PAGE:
Our Approach

    As a result of our research, in 2015 we joined 'Action, Collaboration, Transformation' (ACT), a collaboration between international brands and retailers, and IndustriALL Global Union, the international trade union federation. ACT aims to achieve a living wage in the garment and textile industry - in countries such as Bangladesh, Cambodia, and Turkey - by establishing industry-wide collective bargaining, supported by responsible purchasing practices.

    Since joining ACT we have been working alongside its other members and with IndustriALL to assess the industrial relations and competitive context in key sourcing countries. These assessment have helped to identify the main factors impeding progress toward a living wage in each country, such as legal restraints on freedom of association and collective bargaining, and have formed the basis of ongoing country consultations with employer representatives and trade unions (along with government representatives), who are ultimately responsible for negotiating an industry agreement at a national level. Working in partnership, ACT aims to develop a clear roadmap toward industry-wide collective bargaining in each priority country.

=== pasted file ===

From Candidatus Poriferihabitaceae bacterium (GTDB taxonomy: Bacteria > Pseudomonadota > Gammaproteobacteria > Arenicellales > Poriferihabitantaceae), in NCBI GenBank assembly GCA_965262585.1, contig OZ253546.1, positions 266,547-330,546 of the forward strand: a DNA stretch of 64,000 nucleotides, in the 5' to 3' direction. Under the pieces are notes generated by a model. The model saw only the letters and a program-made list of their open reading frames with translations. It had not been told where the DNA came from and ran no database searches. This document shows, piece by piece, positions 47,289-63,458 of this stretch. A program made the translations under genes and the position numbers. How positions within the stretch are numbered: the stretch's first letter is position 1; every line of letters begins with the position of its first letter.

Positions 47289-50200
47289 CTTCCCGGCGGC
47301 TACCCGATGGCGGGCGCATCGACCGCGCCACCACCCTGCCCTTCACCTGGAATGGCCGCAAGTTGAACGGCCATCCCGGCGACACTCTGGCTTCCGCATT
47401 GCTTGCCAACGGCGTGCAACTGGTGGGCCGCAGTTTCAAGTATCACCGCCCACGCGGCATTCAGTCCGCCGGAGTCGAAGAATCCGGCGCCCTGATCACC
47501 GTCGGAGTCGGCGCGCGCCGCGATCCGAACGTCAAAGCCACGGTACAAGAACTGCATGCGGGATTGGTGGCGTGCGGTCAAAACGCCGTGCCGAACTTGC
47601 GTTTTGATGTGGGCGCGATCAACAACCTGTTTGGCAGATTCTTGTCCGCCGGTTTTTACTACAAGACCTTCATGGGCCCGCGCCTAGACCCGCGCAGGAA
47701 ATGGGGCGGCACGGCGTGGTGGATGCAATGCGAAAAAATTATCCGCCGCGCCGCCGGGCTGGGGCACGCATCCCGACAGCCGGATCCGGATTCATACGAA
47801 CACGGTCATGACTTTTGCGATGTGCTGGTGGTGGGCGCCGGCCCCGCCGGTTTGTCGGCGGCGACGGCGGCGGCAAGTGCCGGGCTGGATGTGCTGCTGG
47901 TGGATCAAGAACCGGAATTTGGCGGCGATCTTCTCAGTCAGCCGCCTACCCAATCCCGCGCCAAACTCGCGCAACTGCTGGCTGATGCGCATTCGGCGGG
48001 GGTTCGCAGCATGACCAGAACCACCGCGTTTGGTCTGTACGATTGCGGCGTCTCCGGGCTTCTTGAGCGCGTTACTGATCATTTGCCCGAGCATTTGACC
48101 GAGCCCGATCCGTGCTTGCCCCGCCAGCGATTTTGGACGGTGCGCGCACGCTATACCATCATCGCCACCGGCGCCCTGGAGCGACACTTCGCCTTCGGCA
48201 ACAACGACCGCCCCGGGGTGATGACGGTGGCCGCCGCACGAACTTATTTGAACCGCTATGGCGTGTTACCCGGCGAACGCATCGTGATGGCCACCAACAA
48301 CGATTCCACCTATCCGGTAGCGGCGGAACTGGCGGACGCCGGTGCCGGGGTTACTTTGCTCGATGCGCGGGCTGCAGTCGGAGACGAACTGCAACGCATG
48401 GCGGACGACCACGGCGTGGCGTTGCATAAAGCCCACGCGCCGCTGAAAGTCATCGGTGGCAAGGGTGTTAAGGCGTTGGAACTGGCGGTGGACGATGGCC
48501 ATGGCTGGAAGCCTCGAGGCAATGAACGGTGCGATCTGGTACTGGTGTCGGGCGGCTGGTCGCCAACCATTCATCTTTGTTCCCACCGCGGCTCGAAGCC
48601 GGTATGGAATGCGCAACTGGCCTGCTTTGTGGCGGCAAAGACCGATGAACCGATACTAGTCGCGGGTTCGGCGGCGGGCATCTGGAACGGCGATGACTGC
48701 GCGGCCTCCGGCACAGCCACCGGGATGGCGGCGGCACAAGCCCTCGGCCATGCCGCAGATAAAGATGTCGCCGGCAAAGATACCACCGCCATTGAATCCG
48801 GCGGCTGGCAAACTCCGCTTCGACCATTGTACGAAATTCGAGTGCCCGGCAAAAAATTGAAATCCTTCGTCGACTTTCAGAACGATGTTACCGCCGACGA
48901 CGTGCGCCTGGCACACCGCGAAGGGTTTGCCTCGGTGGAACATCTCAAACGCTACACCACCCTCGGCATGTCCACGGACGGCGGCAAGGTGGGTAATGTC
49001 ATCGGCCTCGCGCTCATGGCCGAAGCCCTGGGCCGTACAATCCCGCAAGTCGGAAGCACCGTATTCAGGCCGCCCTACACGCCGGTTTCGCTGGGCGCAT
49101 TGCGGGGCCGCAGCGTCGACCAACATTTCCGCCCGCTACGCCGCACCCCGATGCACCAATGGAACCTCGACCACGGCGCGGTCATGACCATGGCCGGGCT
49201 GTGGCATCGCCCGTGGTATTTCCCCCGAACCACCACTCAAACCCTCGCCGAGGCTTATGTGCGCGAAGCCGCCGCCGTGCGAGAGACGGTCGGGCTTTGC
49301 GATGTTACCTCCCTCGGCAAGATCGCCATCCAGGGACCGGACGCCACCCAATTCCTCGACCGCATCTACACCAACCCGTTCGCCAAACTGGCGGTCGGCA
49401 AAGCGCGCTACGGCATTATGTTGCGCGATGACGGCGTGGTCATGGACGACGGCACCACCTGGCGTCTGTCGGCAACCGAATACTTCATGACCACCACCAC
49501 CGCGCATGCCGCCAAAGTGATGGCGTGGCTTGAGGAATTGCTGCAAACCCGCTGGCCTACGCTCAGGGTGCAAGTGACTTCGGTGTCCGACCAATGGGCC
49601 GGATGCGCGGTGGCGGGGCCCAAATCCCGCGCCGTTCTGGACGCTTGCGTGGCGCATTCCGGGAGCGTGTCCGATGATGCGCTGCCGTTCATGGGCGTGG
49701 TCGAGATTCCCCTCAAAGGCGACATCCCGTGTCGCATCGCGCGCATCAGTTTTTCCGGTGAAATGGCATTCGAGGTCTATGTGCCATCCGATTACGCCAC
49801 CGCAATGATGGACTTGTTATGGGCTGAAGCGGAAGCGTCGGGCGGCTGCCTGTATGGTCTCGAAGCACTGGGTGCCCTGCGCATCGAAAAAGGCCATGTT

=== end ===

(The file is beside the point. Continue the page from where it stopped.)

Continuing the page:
ACT’s vision of industry-wide collective bargaining agreements and a living wage for garment and textile workers is a long-term journey with many challenges to overcome. But we are convinced this is the right path and the only sustainable solution. Industry-wide agreements will:

    • ensure that many workers benefit from higher wages, rather than a factory-by-factory approach; and
    • encourage employers to compete through innovation and quality, rather than low pay and conditions.

    For more information on ACT, visit An update on ACT’s activities and progress in the past twelve months can be found here.

    ACT Global Purchasing Practices Commitments

    In December 2018, ACT publicly released its Global Purchasing Practices Commitments. The commitments are the result of three years of review and consultations aimed at developing a common set of changes and implementation measures on purchasing practices that will support the movement towards living wages in the garment, textile and footwear industry. In addition to our support for freedom of association and industry-wide collective bargaining agreements, the implementation of the ACT Global Purchasing Practices Commitments is a key part of our role within ACT, working in partnership with other retailers and brand members, and IndustiaALL Global Union.

    The commitments cover five broad areas:

    1. Brands commit that purchasing prices include negotiated wages as itemised costs;
    2. Brands commit to fair terms of payments;
    3. Brands commit to better planning and forecasting;
    4. Brands commit to undertake training on responsible sourcing and buying;